- Foundational concepts in Chinese Medicine come from Daoism and Confucianism. They are that reality is unity, that this unity can be experienced but not described, and that fundamental processes can be seen at any scale or in any domain.
- Consciousness and subjective perception is the only way to truly know the nature of reality.
- Artificial divisions in the unity of reality are used for intellectual understanding.
- It is the relationships between these divisions that are important.
In the last post I discussed the basics of how Western science arrives at an understanding of the world. You can read Part 1 here. Now we will look at a different worldview.
The Eastern Perspective
There are foundational assumptions in the system that underlies Chinese Medicine, just as there are these assumptions for the West. The foundational concepts in Chinese Medicine come from Daoism (Taoism) and Confucianism, paraphrased best by the first and well-known section of the Dao De Jing (Tao Te Ching) by Laozi (Lao Tzu) (1, 2, 3). The following are my personal understanding of these foundational concepts, according to my own readings and education:
- The fundamental nature of reality is unity.
- This unity can be experienced but not described, as it is beyond all thoughts and concepts.
- The microcosm mirrors the macrocosm – the same processes can be seen wherever one looks.
These three assumptions are foundational to Classical Chinese Medicine as they inform the various models that have arisen over the centuries to explain the nature of human experience. All of these assumptions go together in creating a coherent theory of how humans “work” and how they fit into the universe. Because nature is unity, and the same processes can be seen anywhere, studying any process in nature informs the understanding of every other process. By studying the stars we can come to know the human body, because they both represent and reflect the same basic principles.
Our subjective perceptions are a part of reality, and there is no concept of an objective reality that is independent of us. And because the ultimate nature of reality can only be experienced, but not conceptualized, our subjective perceptions are the only way to truly grasp the nature of the universe. Thus, human consciousness becomes the main tool to understand how the world works, and the development and refinement of consciousness becomes an important area of focus.
Because of the assumption of unity the Eastern perspective places little value on trying to determine the fundamental properties of things, or objects. The deep understanding is that everything is the same, so there’s no reason to look for the “lowest common denominator” as in Western science. The way to understand the world is to artificially divide unity into manageable parts and then study the interactions that occur between these parts. The first division is between Yin and Yang, separating light and dark, warm and cold, expansive and contractive, etc. However, Yin and Yang exist only in relationship to each other, not to some objective reality. The definitions are fluid. Within a human body, the head is more yang than the feet by a measure of height, because Yang is upwards and Yin is downwards. However, the head could also be seen as more yin than the feet, since Yang is movement while Yin is stillness, and the feet move while the head stays still. The focus of understanding centers on relationships and processes instead of objects.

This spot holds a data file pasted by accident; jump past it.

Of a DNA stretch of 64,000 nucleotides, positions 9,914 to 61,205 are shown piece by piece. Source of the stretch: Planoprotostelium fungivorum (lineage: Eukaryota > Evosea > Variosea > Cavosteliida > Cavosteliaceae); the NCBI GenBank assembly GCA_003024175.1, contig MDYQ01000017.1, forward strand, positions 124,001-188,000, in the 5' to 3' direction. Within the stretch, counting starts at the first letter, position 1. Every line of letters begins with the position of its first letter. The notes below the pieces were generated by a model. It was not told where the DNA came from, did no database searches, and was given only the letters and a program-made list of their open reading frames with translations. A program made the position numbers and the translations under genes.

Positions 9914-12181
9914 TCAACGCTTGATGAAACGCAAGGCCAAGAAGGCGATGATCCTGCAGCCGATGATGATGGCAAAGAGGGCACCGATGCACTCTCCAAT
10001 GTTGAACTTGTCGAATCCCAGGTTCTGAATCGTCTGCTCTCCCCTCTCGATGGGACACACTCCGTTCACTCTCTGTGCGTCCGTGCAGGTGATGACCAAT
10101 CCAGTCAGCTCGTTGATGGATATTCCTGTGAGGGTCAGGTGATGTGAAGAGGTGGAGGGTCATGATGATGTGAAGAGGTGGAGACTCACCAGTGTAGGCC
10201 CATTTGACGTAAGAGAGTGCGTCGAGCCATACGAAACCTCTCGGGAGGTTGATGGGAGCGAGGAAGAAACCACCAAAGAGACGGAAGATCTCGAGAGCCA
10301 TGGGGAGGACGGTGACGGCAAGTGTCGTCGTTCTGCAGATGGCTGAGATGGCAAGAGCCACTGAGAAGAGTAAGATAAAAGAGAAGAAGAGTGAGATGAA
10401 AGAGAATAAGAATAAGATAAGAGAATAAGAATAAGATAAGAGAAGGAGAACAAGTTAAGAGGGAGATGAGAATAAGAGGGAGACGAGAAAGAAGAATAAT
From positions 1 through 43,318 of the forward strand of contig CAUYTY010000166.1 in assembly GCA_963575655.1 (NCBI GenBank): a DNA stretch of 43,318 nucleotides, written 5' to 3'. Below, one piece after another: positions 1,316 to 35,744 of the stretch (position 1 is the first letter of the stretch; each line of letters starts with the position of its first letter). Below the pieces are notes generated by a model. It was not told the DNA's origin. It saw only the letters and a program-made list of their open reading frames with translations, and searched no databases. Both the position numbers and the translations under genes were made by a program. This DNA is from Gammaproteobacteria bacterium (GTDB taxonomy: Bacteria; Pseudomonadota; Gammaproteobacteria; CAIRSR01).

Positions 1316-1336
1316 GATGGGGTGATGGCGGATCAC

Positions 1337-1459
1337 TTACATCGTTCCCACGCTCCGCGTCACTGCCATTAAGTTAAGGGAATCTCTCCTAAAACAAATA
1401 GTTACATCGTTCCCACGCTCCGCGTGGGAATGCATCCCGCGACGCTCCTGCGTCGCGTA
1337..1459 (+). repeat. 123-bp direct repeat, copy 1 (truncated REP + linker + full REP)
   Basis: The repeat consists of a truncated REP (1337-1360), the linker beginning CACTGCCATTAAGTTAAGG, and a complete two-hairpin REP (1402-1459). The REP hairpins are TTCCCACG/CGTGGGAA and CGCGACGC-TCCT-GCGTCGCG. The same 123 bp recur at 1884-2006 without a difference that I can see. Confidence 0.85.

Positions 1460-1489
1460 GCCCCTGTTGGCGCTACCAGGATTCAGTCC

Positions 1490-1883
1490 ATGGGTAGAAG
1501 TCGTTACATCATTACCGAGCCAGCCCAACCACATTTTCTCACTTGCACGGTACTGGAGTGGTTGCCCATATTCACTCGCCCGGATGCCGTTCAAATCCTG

After the division between Yin and Yang, the interaction between the two produces Qi, which creates three. Further division produces four, metaphorically explained by referencing the four seasons. All processes have a beginning, a flourishing, a decline, and an end, corresponding to spring, summer, fall, and winter, and explained in Chinese Medicine as lesser yang, greater yang, lesser yin, and greater yin. Then comes a five part model using the five phase-elements of wood, fire, earth, metal, and water. A system of six is also commonly used. All these subdivisions of the fundamental unity contain the whole, by definition. The understanding comes from how these different sections of the whole interact with each other. If a researcher wants to understand how being overweight impacts health, they would start by figuring out the relationship that being overweight has to everything else. Perhaps people become overweight when they eat too much. Maybe being overweight is also correlated with not knowing how to cook. Other associations could include digestive issues, emotional trauma, abuse, socioeconomic disadvantages, and more. What emerges is a picture, a pattern of interconnected experiences in the life of someone who is overweight: a small piece of the whole. This is a top-down understanding of reality, where a fundamental unity is broken up into constituent parts and then analyzed.
The problem is when it becomes necessary to understand something at a very deep level of detail. This way of understanding reality isn’t able to subdivide very far, as it becomes far too complex to try and break up the world into such small pieces. To try and understand reality on the level of molecules doesn’t work. The Eastern perspective doesn’t have good methods for investigating the various types of neurotransmitters, or the different vitamins and minerals, and how too much or too little of these substances affect health. Seeing larger patterns of interconnection remains the strength of this approach. But, given how many new substances have entered our world, it may be difficult to categorize all of them according to any of the standard models of Chinese Medicine.
This is Part 2 of a three-part series. Click here to read Part 3.